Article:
|Publication number||US6021514 A|
|Application number||US 09/012,047|
|Publication date||Feb 1, 2000|
|Filing date||Jan 22, 1998|
|Priority date||Jan 22, 1998|
|Publication number||012047, 09012047, US 6021514 A, US 6021514A, US-A-6021514, US6021514 A, US6021514A|
|Inventors||Timothy John Koprowski|
|Original Assignee||International Business Machines Corporation|
|Export Citation||BiBTeX, EndNote, RefMan|
|Patent Citations (4), Non-Patent Citations (2), Referenced by (36), Classifications (4), Legal Events (6)|
|External Links: USPTO, USPTO Assignment, Espacenet|
This invention is related to computer system chips and in particular to an improved isolation/removal of faults during logic built in self test (LBIST) testing via latch state controls using lineholds.
LBIST (Logic Built-in Self-Test) is used extensively within IBM to test for both DC and AC faults in the logic and some portions of the arrays. Published material about LBIST include IBM's Journal of Research and Development vol 41 number Jul./Sep. 4/5 1997 pages 611-627. It is the primary mechanism to test the chip logic and is used at all levels of test--chip, MCM and system and is incorporated herein.
The major components of LBIST are a PRPG (Pseudo-Random Pattern Generator) used to generate the test patterns, a MISR (Multiple Input Signature Register) to compress the test results and the STCM (Self-Test Control Macro) that is used to apply the clocks and controls to the PRPG, MISR and system logic to perform the test. The PRPG applies data to the system logic via multiple parallel scan chains which are connected between the PRPG and MISR.
A limitation of LBIST is the requirement that all system latch states must have a known, predictable value during LBIST as the latch states are compressed into the MISR to generate the result signature. If even 1 of the system latch states is unknown or intermittent, the MISR signature will be incorrect or intermittent and LBIST cannot be used to test the logic.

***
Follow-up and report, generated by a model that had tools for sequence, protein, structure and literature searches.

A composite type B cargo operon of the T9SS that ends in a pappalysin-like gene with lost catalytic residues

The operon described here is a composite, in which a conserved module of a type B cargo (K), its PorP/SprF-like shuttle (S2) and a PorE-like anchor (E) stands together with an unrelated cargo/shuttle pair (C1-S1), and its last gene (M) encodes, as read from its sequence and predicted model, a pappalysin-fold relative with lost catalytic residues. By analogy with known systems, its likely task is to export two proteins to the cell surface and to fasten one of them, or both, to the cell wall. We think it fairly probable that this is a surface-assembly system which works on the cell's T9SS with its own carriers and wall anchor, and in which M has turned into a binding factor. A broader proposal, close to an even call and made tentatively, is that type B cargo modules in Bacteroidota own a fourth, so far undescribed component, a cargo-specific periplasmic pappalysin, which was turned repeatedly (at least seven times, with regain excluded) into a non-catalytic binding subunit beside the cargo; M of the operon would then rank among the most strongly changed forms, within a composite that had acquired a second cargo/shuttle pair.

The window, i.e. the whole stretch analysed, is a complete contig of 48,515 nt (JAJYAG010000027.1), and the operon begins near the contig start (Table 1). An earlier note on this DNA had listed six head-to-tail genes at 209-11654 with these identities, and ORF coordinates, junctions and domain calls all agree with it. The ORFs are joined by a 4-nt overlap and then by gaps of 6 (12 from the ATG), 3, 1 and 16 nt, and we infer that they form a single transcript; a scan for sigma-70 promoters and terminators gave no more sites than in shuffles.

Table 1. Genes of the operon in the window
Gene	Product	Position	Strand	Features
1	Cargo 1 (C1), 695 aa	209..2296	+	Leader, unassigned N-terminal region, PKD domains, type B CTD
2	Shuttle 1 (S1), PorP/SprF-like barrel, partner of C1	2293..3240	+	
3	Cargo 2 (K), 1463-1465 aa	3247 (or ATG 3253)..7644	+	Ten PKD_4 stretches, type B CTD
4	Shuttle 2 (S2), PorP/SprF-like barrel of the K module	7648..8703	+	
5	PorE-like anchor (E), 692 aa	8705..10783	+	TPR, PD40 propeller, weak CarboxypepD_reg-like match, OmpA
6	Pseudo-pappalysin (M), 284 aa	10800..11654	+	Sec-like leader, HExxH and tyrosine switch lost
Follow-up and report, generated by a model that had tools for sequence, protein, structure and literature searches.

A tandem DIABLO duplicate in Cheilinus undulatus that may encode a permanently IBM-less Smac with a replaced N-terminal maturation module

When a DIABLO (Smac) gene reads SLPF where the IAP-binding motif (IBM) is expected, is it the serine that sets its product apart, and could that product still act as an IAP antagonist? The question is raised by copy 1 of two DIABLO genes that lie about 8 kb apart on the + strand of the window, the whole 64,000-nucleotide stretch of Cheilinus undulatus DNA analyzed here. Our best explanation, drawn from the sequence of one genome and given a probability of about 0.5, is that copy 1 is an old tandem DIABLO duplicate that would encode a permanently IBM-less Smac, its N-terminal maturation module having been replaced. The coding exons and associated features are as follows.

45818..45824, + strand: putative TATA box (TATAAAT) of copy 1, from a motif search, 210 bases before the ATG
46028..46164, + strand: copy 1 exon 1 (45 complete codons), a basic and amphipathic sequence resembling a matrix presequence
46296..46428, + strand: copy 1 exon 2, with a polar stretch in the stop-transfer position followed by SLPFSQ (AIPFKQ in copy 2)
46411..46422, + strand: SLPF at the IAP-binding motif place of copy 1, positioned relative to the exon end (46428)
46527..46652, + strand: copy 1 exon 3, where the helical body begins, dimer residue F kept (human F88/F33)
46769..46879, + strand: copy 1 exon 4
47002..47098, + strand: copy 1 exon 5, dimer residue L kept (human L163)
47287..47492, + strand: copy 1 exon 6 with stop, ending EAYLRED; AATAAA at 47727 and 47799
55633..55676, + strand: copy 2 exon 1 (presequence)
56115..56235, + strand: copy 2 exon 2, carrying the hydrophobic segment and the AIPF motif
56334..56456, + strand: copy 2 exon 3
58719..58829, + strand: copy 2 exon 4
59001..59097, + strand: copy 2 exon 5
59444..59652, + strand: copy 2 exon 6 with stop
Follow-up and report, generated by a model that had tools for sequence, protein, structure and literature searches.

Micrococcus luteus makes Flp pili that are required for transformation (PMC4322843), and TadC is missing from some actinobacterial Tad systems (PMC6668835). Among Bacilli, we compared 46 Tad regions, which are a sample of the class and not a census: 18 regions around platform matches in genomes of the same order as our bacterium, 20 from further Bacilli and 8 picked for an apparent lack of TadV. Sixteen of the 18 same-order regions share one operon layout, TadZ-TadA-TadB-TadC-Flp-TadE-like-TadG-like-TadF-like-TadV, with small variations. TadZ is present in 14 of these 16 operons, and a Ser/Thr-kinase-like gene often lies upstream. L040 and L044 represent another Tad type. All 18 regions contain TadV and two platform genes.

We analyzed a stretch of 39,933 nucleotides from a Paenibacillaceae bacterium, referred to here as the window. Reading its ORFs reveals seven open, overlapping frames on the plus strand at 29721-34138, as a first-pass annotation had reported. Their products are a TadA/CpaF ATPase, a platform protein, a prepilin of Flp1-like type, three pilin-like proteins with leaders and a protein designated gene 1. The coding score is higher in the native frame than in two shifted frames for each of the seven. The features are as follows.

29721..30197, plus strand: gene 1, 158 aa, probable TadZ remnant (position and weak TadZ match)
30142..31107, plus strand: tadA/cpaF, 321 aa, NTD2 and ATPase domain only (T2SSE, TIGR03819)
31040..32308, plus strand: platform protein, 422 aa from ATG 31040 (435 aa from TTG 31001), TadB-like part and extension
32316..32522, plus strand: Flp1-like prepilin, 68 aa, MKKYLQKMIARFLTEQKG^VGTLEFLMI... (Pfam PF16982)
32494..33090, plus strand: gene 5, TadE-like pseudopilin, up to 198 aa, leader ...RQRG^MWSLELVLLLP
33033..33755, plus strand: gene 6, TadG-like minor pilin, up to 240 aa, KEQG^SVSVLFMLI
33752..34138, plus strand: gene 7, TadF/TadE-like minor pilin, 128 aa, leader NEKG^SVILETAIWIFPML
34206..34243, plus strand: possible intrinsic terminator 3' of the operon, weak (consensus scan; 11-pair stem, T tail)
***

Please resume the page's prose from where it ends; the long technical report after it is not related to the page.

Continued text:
Problems can be discovered that cause intermittent latch states. Some of these problems can be due to early design problems or they can be caused by power supply noise or coupled noise related to physical design and process parameters. In either case, LBIST could not be used as an effective test of the logic. Also, LBIST is the key logic problem diagnosis tool and, once an intermittent problem is encountered, the prior version of LBIST becomes ineffective at any additional problem diagnosis.
This invention forces selected latches to known states when the PRPG generates the test patterns. This forcing of latches to known states is referred to as a "linehold". The latches can be forced such that the logic no longer generates intermittent faults or such that the switching activities that generated the power supply or coupled noise are eliminated. A new stable MISR signature can now either be calculated or empirically obtained from a known good chip.
These improvements allow LBIST to be used either as an effective logic test or to continue diagnosing chip problems beyond those problems eliminated by the linehold.
These and other improvements are set forth in the following detailed description. For a better understanding of the invention with advantages and features, refer to the description with reference to the following drawings.
FIG. 1 shows schematically an overview of the LBIST structure containing the linehold control register,
FIG. 2 shows schematically the logic that generates the linehold control signals.
FIG. 3 shows schematically the operation of the linehold control register.
Before considering our preferred embodiments in detail, it may be worthwhile to illustrate, by way of example, that in accordance with the invention, if we start LBIST testing the entire chip (i.e. all logic being tested with random patterns) and find an intermittent fault in logic section 1 of the chip being tested, some of the latches in scan chain feeding logic section 1 could be forced to a specific state (`0` or `1`) using the linehold feature that would prevent the intermittent fault from occurring. With the intermittent LBIST signature eliminated, LBIST testing can proceed on looking for the next failure, if one existed, or proving that the remaining logic contained no faults.